North Korea could soon generate stock of weapons-grade plutonium after successfully restarting a nuclear reactor that was decommissioned under an aid-for-disarmament agreement, claimed United States Intelligence chief James Clapper. He added that the reactor could produce enough plutonium to make nuclear weapons “within weeks.”
North Korea has stayed true to its announcement made back in 2013 about restarting a nuclear reactor and is now capable of producing weapons-grade plutonium. The country may be gearing up quickly to build a stockpile of nuclear weapons apart from refining technology of long-range ballistic missiles.
Director of U.S. National Intelligence James Clapper said that after the third nuclear test in 2013, North Korea had announced it intended to “refurbish and restart” facilities at its Yongbyon nuclear complex. The plans included development of uranium enrichment facility. The country also intended to bring back graphite-moderated plutonium production reactor to life, after it was unceremoniously shut down in 2007 under an aid-for-disarmament agreement. Clapper stated his assessment in a prepared testimony to the Senate Armed Services Committee, adding that the country could soon produce enough plutonium to regularly make nuclear weapons,
“We assess that North Korea has followed through on its announcement by expanding its Yongbyon enrichment facility and restarting the plutonium production reactor. We further assess that North Korea has been operating the reactor long enough so that it could begin to recover plutonium from the reactor’s spent fuel within a matter of weeks to months. “
Clapper is of the firm opinion that North Korea’s nuclear weapons and missile programs “continue to pose a serious threat to U.S. interests and to the security environment in East Asia in 2016.” He added that the country had continually expanded the size and sophistication of its ballistic missile forces. Moreover, the country remains “committed to developing a long-range, nuclear-armed missile that is capable of posing a direct threat to the United States,” reported Reuters.
Interestingly, North Korea had intentionally shuttered the Yongbyon reactor in 2007. However, it appears the country quietly began renovating it after its third nuclear test in 2013. Experts believe the nuclear reactor isn’t large. However, once fully operational, it could produce about six kilograms (13 pounds) of highly enriched weapons-grade plutonium per year. This quantity is enough to make a high-yield nuclear weapon, reported Sky News.
America has always remained skeptical of North Korea and insists that the latter’s claims of launching a peaceful earth observation satellite this week was merely a ruse to test long-range ballistic missile technology. While independent agencies have confirmed that North Korea indeed placed a satellite about 500 kilometers above earth, they cautioned that it could take a while to ascertain if the satellite was a “live” one. A dummy satellite placed in low orbit could be an excuse to test long-range rockets, claims the U.S.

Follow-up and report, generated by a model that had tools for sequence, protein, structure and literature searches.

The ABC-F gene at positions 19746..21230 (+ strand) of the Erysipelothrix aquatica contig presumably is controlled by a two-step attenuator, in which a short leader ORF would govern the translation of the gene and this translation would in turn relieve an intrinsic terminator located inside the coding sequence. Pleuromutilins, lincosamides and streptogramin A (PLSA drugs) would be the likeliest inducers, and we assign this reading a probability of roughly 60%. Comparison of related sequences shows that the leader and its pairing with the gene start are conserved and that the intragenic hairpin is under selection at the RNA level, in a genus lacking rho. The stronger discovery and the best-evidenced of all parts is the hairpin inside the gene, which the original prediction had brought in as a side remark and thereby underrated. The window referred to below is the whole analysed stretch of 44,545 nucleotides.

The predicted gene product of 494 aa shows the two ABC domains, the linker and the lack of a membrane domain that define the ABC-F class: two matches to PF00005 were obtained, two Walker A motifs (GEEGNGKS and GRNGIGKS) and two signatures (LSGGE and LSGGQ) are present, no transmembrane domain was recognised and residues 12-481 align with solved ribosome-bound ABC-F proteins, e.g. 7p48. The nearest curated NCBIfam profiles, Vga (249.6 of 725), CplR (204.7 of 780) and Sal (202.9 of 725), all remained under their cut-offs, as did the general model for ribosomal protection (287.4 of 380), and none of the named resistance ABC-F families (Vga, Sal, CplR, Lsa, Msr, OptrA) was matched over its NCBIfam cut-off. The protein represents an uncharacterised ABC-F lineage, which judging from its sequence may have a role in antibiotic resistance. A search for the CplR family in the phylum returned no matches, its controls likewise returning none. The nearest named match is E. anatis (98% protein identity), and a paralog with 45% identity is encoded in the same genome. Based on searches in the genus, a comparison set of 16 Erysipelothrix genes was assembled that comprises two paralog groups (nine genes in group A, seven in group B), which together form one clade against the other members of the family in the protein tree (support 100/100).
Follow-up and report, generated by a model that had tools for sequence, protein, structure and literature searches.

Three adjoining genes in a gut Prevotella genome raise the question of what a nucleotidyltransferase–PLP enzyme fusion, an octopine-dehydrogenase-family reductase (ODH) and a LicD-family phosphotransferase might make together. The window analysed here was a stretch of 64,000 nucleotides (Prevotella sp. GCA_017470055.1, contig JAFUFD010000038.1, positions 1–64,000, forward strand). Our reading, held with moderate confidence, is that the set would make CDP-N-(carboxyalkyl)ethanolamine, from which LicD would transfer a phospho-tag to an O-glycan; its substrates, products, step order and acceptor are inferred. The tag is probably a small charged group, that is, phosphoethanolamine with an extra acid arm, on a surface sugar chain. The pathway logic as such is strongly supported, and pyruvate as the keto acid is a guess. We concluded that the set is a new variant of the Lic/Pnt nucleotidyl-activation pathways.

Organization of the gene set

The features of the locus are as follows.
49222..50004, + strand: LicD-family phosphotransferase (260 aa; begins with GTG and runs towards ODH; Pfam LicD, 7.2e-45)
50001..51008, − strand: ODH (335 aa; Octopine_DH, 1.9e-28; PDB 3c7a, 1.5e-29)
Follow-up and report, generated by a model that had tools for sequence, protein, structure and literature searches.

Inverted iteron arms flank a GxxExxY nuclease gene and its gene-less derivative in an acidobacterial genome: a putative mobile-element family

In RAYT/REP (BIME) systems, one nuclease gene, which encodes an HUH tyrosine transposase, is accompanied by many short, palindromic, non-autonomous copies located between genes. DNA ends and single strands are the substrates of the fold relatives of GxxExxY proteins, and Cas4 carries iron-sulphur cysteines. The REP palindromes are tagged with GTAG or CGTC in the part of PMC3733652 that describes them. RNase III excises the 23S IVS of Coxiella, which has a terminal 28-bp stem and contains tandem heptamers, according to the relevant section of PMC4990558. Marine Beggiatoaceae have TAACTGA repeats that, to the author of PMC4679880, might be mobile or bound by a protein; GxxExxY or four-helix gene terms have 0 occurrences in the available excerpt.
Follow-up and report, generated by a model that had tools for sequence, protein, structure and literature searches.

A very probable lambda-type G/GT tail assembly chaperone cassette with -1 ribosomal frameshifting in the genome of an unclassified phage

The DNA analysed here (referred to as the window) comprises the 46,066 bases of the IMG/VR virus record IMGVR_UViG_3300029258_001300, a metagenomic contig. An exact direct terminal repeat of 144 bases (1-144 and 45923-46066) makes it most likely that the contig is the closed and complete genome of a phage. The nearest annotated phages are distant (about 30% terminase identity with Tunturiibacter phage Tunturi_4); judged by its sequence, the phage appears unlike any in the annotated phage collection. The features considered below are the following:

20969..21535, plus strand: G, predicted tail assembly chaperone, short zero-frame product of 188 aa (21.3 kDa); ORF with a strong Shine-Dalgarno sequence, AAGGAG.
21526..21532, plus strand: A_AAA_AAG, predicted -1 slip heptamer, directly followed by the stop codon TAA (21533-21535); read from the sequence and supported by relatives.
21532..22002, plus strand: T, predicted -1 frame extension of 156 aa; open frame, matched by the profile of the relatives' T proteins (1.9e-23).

Many experts claim North Korea already has about 10 atomic weapons and add that the stockpile grow multifold in near future. U.S. President Barack Obama has already spoken with Japanese Prime Minister Shinzo Abe as well as South Korean President Park Geun-Hye about North Korea, and the trio has agreed on the need for a “strong and united international response to North Korea’s provocations, including through a robust UN Security Council Resolution,” announced the White House.
Besides the nuclear reactor, Clapper stated that North Korea continues to develop cyber-espionage and cyber-attack capabilities, and has sold illegal weapons technology to other states, reported Business Recorder. He also mentioned the country’s intention of developing mobile as well as undersea ballistic missiles,
“Pyongyang continues to produce fissile material and develop a submarine launched ballistic missile. It is also committed to developing a long-range nuclear-armed missile that’s capable of posing a direct threat to the United States, although the system has not been flight tested.”
Despite numerous agencies suggesting North Korea is still far from developing reliable long-range ballistic missile, America has been insisting that the country routinely violates U.N. regulations by conducting nuclear tests.
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